How Our Government Helps Us: A Charming 1969 Illustrated Primer
By Maria Popova
“America, if eligible at all to downfall and ruin, is eligible within herself, not without,” Walt Whitman asserted in his sublime and sublimely timely meditation on democracy, adding: “Always inform yourself; always do the best you can; always vote.” A century later, in her beautiful 1968 case for our individual responsibility in social change, Eleanor Roosevelt wrote: “Government is people… As individuals we can influence our government at every level… A democratic government represents the sum total of the courage and the integrity of its individuals. It cannot be better than they are.”
The end of the 1960s was an era of enormous social change, both hope-giving and vulnerable-making, when a new scientific revolution was bringing humanity closer together and the civil rights movement was finding new ways to keep us from being kept apart. Amid such massive and disorienting change, what people need most is a sense of agency, best acquired by instilling a passion for civic engagement and cultivating a sense of participatory responsibility from an early age.
That’s what writer Muriel Stanek and illustrator Jack Faulkner set out to do in the rare 1969 gem How Our Government Helps Us (public library) — a delightful primary school supplement, part of the same Social Studies Program series that produced How People Use and Earn Money, How People Live in the Suburbs, and How We Use Maps and Globes.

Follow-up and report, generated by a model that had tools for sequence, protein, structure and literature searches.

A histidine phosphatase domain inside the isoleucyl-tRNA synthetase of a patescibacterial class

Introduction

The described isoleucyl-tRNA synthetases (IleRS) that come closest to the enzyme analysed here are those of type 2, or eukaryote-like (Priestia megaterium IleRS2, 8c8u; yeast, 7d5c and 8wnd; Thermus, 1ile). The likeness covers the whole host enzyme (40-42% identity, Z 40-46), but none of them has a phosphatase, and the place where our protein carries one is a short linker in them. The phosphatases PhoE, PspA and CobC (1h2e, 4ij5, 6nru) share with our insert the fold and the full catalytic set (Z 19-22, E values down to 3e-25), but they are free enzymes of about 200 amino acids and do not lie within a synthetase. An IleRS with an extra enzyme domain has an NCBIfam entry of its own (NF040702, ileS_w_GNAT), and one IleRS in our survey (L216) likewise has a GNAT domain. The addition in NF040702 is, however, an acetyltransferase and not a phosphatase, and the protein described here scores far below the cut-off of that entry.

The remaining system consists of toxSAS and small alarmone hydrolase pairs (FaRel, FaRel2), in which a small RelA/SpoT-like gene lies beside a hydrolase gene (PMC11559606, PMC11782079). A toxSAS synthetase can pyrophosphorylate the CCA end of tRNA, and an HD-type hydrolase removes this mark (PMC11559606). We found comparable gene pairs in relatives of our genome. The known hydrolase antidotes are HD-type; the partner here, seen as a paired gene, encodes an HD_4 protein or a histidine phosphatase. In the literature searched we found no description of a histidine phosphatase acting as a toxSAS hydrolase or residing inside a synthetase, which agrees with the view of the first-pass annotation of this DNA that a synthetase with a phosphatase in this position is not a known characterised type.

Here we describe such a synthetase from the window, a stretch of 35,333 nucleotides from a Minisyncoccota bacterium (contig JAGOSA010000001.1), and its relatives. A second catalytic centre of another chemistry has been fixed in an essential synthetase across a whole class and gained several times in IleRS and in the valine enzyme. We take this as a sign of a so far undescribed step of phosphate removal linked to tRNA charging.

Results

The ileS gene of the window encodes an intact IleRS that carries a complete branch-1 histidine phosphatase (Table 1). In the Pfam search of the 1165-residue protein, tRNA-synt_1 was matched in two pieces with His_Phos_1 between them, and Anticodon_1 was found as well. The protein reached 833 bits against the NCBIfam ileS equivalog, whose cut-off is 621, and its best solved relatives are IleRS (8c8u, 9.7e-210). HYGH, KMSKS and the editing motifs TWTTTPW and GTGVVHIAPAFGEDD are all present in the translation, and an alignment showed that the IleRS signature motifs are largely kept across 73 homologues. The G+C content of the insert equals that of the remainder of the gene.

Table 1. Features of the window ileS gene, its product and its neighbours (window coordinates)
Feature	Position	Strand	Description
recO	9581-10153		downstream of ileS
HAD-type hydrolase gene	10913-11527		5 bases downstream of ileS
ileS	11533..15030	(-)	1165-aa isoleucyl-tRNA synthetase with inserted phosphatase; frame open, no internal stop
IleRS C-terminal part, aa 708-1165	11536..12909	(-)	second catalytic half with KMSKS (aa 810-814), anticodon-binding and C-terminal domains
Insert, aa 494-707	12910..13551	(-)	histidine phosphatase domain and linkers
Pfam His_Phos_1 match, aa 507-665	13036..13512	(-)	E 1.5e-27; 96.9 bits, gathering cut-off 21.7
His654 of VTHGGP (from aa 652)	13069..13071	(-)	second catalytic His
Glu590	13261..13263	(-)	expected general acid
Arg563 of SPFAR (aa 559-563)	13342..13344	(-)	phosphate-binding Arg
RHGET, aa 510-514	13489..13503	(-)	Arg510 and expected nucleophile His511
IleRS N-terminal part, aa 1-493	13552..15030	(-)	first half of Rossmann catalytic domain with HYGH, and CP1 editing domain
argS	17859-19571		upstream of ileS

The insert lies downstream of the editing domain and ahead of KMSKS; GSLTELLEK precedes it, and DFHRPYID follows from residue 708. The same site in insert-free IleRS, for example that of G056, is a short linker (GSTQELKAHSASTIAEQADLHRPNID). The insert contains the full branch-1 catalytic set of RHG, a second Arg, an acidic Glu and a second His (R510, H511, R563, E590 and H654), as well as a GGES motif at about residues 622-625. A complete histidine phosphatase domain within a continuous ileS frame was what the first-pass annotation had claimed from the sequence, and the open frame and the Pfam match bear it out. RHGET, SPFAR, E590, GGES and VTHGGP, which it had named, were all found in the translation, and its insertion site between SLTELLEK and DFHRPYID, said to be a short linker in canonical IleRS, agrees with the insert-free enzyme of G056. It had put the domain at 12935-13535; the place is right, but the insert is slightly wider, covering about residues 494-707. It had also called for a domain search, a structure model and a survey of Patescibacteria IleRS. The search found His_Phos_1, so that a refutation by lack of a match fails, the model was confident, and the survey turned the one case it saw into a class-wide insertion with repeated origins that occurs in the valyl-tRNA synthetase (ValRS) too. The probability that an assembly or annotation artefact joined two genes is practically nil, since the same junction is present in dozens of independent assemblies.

In vibrant drawings and simple language, the book explains the different layers of government — city, county, state, and federal — and their respective functions. What is edifying to the child is to the grownup reader a wonderful reminder of the many things we take for granted in the seemingly magical functioning of our daily lives, from the trash collection in our cities to public transportation to the parks and playgrounds in our neighborhoods.
Written mere months before the moon landing, the story honors the dawn of this new era of space exploration and scientific discovery.
The book is both ahead and very much of its time. The illustrations feature a woman doctor and quite a few people of color, including a police officer and a Supreme Court judge, but almost every instance of government power — cabinet members, senators, governors, the president himself — depicts middle-aged white men. Indeed, what makes the book particularly noteworthy is that it captures the perennial problem of social change — however far we may have come in our earnest effort toward equality, there is still that much further to go, and centuries of cultural conditioning often blind us to the proper direction of the new path.
For another clarion call for civic engagement from the same era, see urbanism patron saint Jane Jacobs on our civic duty in cultivating cities that foster a creative life.
Published June 8, 2016